**by Livia Mitson (April 2020)**

*“Build a better mousetrap, and the world will beat a path to your door”*

01

Apr

2020

25

Mar

2020

For the past 10 years I have organised an annual maths week at my school, a small village primary school with about 90 pupils in 4 classes. Being a small school, the children are used to mixing up for various special days such as art days and book days. We also have buddy systems which mean the Year 6s often help out their Reception and Year 1 buddies and the Year 5s act as play leaders at break times. Maths week has become a highlight of the school calendar and is something the children and parents look forward to and comment on having a positive impact.

15

Feb

2020

This is the fourth in a series of posts about the visit made to Shanghai by Katie and Jo (primary school teachers) and Ruth (secondary maths teacher).

While we were in Shanghai, we were interested in the use of mathematical language in every lesson we saw, both at primary and secondary levels. Each key point had vocabulary associated with it, which all students were expected to know and use as part of their reasoning.

23

Jan

2020

This post explains some of the things Katie, Jo (both primary school teachers) and Ruth (secondary maths teacher) experienced during their visit to Shanghai. In March 2020 some teachers from Shanghai will come to England. Some will be based at Saffron Walden County High School and others at Burrowmoor Primary School. Do look out for the Shanghai Showcase events that are open to all and which will be advertised shortly.

07

Jan

2020

For many people, maths is precise. Mathematics is often exact. Mathematical vocabulary however isn’t.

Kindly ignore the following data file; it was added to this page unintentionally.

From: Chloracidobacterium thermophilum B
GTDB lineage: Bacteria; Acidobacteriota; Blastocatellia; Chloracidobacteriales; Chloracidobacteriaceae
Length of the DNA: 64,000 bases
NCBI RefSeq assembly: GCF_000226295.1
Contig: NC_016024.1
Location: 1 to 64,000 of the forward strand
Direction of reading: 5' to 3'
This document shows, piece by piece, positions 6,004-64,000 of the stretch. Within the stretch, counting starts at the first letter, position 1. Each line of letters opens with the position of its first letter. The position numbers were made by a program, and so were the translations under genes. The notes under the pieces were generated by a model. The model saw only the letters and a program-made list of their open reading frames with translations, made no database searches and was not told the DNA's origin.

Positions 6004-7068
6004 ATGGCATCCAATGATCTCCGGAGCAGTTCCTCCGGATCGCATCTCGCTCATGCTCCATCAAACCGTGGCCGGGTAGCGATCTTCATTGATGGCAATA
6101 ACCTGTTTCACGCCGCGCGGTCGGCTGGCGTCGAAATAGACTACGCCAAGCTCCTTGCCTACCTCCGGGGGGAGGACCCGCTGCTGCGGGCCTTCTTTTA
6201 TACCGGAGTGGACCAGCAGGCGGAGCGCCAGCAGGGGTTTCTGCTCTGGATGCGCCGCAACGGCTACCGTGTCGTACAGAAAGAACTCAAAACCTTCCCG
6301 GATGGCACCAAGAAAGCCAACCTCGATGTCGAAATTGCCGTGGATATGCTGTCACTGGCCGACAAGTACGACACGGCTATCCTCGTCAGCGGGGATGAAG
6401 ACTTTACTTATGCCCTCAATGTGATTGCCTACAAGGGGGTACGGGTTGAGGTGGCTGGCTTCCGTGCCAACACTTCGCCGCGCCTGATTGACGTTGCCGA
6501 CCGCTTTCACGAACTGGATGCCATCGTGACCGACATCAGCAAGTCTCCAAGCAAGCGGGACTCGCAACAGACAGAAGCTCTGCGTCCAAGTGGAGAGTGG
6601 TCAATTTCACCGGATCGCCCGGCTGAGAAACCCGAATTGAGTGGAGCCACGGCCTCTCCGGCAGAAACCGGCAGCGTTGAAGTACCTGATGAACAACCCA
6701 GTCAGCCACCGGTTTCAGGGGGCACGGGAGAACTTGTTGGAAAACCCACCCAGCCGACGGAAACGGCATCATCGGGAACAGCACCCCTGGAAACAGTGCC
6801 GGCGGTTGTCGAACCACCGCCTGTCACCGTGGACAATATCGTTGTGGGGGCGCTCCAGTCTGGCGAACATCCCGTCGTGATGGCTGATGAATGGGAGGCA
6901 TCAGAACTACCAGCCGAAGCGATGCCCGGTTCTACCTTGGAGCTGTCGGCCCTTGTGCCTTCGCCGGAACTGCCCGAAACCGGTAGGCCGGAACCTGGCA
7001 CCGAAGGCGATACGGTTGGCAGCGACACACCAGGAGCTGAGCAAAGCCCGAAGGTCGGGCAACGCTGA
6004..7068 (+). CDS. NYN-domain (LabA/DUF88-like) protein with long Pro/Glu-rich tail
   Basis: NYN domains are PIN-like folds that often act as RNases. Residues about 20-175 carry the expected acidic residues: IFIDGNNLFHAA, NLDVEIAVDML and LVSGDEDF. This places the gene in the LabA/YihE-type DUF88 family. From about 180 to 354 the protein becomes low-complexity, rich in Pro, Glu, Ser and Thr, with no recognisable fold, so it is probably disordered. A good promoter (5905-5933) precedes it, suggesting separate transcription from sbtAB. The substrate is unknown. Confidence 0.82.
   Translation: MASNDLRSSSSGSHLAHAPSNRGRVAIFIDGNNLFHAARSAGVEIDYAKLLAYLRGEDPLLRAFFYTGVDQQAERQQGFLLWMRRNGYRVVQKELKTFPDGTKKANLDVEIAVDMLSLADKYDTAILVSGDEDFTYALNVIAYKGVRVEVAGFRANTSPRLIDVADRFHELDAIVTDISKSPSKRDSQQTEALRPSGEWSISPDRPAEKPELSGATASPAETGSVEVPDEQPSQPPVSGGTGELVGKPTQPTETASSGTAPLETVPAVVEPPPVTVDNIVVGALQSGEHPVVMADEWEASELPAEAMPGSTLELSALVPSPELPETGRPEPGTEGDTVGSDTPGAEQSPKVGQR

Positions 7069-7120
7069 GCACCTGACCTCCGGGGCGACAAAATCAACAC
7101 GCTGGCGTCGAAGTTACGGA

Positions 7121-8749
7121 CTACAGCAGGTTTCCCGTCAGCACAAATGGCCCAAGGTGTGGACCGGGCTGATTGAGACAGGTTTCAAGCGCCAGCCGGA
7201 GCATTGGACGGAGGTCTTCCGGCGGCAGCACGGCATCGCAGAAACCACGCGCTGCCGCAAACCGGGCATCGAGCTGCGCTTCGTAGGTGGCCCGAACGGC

Years ago I was asked by a colleague “is a vertex where three or more faces meet?”. I agreed that it was. The next question was “what is the thing at the top of a cone called?”. (My initial flippant response was “it depends which way up it is”, whereas the best answer is probably, “ice cream and a flake”). It is, of course a vertex too. We also use ‘vertex’ in lots of other mathematical situations, for example in graph theory, with intersecting lines, in 2D shapes and at the turning point of a quadratic graph.

08

Dec

2019

This is the second blog in a series about the recent trip that Ruth, Katie and Jo made to Shanghai, representing the Cambridge Maths Hub. This post focuses on three primary ideas.

26

Nov

2019

In November 2019, three teachers from the Cambridge Maths Hub visited a school in Shanghai to observe mathematics lessons and to talk to teachers. This is the first of a series of blogs that will explore some of the interesting things they encountered. It focuses on some ideas that cropped up in secondary lessons, as recorded by Ruth Colenso.

05

Nov

2019

Desmos can be used to draw pictures that include straight lines and curves. See www.desmos.com/art for some ideas. Here are a few of the techniques that might be helpful.

Go to www.desmos.com and click on ‘Start Graphing’.

It is worth signing in (it’s quick and easy to create an account – particularly if you already have Gmail) because then you can save your work.

15

Sep

2019

Mark writes:

Cate Middleton, subject leader for mathematics at Littleport and East Cambs Academy is keen on mathsy art. When I saw some of the things she has done with her pupils I was blown away by both the quality and the quantity of the ideas she had gathered from lots of different places. With Cate’s permission, I share some of these here.

16

Jun

2019

I am not sure whether my love of maths was inspired by my love of games and puzzles or vice-versa. What I do know, is that I am always fascinated by the intersection of these two great things in the Venn diagram of my life.

A recent example is the game *Kingdomino* by Blue Orange games. The game, which won the *Spiel des Jahres* in 2017, is beautiful in its elegance and simplicity but has an intriguing mathematical coincidence at the heart of its design.